She was angry and disoriented.  She said, “Well, yes….I am going to dialysis.  I will die if I don’t go!”  I was stunned.  We had had moments of peace over the past few days.  I didn’t know what to do.  I stood there feeling helpless.  She lashed out at me.  She said, “I can see by the smirk on your face that you enjoy having this kind of control over my life.  You want to pull the plug.”  I was speechless.  I didn’t know what to do.  I didn’t know what to say.  I looked at the floor and reminded myself over and over not to say anything that I would live to regret the rest of my life.  I looked at her calmly and told her that there was not one thing about any of this that I was enjoying.  I told her that she had made the decision. She asked me where Dad was, and I blurted out that he had been dead for two years.  I burst out crying and had to turn around.  T sat there in the middle of a terrible situation.  I remember him talking calming in a low voice to her, but I don’t know what he said.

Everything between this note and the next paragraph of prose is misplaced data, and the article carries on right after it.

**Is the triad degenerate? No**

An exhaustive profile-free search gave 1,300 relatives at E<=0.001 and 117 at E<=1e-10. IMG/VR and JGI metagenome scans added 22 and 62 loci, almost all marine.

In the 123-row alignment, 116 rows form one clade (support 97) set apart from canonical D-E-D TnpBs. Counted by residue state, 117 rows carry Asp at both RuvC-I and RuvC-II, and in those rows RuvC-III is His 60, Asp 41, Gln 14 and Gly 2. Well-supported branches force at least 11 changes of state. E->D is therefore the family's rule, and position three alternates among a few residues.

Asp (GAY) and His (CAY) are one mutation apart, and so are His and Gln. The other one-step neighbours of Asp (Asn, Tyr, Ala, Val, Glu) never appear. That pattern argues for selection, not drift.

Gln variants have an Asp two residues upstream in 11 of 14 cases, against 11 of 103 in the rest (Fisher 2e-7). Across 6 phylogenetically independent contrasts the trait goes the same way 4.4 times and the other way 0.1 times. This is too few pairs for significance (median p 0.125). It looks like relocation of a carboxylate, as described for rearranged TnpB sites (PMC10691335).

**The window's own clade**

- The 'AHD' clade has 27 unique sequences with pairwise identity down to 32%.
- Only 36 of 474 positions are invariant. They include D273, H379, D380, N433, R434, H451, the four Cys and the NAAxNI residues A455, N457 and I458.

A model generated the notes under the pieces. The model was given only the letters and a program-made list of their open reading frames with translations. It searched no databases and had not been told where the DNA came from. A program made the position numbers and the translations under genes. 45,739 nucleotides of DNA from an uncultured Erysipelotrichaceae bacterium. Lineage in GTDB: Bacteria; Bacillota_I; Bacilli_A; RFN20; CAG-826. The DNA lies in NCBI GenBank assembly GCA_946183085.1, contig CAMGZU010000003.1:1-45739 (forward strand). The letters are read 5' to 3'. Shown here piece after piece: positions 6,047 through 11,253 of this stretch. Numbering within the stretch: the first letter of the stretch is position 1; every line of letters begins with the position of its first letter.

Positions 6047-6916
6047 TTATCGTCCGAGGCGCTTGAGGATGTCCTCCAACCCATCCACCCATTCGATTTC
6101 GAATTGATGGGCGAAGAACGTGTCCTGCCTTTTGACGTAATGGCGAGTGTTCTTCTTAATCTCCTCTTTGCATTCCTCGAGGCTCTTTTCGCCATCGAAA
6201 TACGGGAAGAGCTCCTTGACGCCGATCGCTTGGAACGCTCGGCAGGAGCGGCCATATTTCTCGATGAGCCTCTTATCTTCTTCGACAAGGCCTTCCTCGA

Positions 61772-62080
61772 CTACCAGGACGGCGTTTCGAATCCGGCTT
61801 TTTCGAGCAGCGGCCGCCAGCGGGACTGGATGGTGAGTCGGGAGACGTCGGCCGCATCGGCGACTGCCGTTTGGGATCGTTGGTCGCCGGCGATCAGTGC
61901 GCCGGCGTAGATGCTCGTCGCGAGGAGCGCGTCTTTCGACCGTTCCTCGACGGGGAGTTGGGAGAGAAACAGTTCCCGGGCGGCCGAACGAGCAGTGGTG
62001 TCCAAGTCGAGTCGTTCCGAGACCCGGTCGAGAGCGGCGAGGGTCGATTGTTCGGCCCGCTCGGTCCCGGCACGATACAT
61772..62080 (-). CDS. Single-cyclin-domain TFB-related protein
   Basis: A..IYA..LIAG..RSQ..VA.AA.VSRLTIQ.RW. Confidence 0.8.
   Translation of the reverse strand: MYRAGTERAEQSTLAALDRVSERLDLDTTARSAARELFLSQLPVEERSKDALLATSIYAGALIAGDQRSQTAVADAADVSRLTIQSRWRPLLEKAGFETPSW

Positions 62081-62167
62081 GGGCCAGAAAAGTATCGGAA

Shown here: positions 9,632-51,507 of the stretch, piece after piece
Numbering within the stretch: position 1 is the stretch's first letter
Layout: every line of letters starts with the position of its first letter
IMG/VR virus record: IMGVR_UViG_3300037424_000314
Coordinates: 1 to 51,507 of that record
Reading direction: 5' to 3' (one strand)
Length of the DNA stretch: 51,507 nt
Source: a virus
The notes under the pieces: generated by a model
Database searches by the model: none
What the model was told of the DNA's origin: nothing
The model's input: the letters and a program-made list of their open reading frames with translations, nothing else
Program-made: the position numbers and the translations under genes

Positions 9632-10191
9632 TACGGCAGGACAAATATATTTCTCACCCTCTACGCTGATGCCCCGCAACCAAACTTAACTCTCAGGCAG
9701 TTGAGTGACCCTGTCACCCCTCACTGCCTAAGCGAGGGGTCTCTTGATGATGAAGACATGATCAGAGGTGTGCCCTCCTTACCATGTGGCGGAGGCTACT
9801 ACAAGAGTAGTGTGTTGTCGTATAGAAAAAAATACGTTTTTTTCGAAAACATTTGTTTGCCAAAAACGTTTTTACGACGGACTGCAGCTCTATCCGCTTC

When I came back near them, and was more composed, she looked at me and apologized.  She said that she wished she knew where our relationship had gone wrong.  I felt adrenaline flood through my body.  Thirty years of wrong.  How could we resolve thirty years of wrong?  I had been determined to do right, not to let past differences and slights cloud my judgement in making the best medical decision for another human being.  I had been kind and caring.  All of this came out of the blue, and it shocked me.  I have never been so hurt and shaken in my life.  I wanted to run from the room, and running away is not usual for me.  I wanted to melt.  I wanted to cease to exist in the middle of this life of mine.  Too much hurt.  Too much.  I was shaking and crying.  I told her to go to dialysis.  I said that I refused to feel responsible for making this decision to discontinue treatment.  “Go!  Please go.  You don’t have a plug.  I am not pulling a plug!”  I left the room to tell the nurse to make arrangements for my mom to be transported to dialysis.  The nurse looked shocked.  She advised that my mother may not make it through a treatment.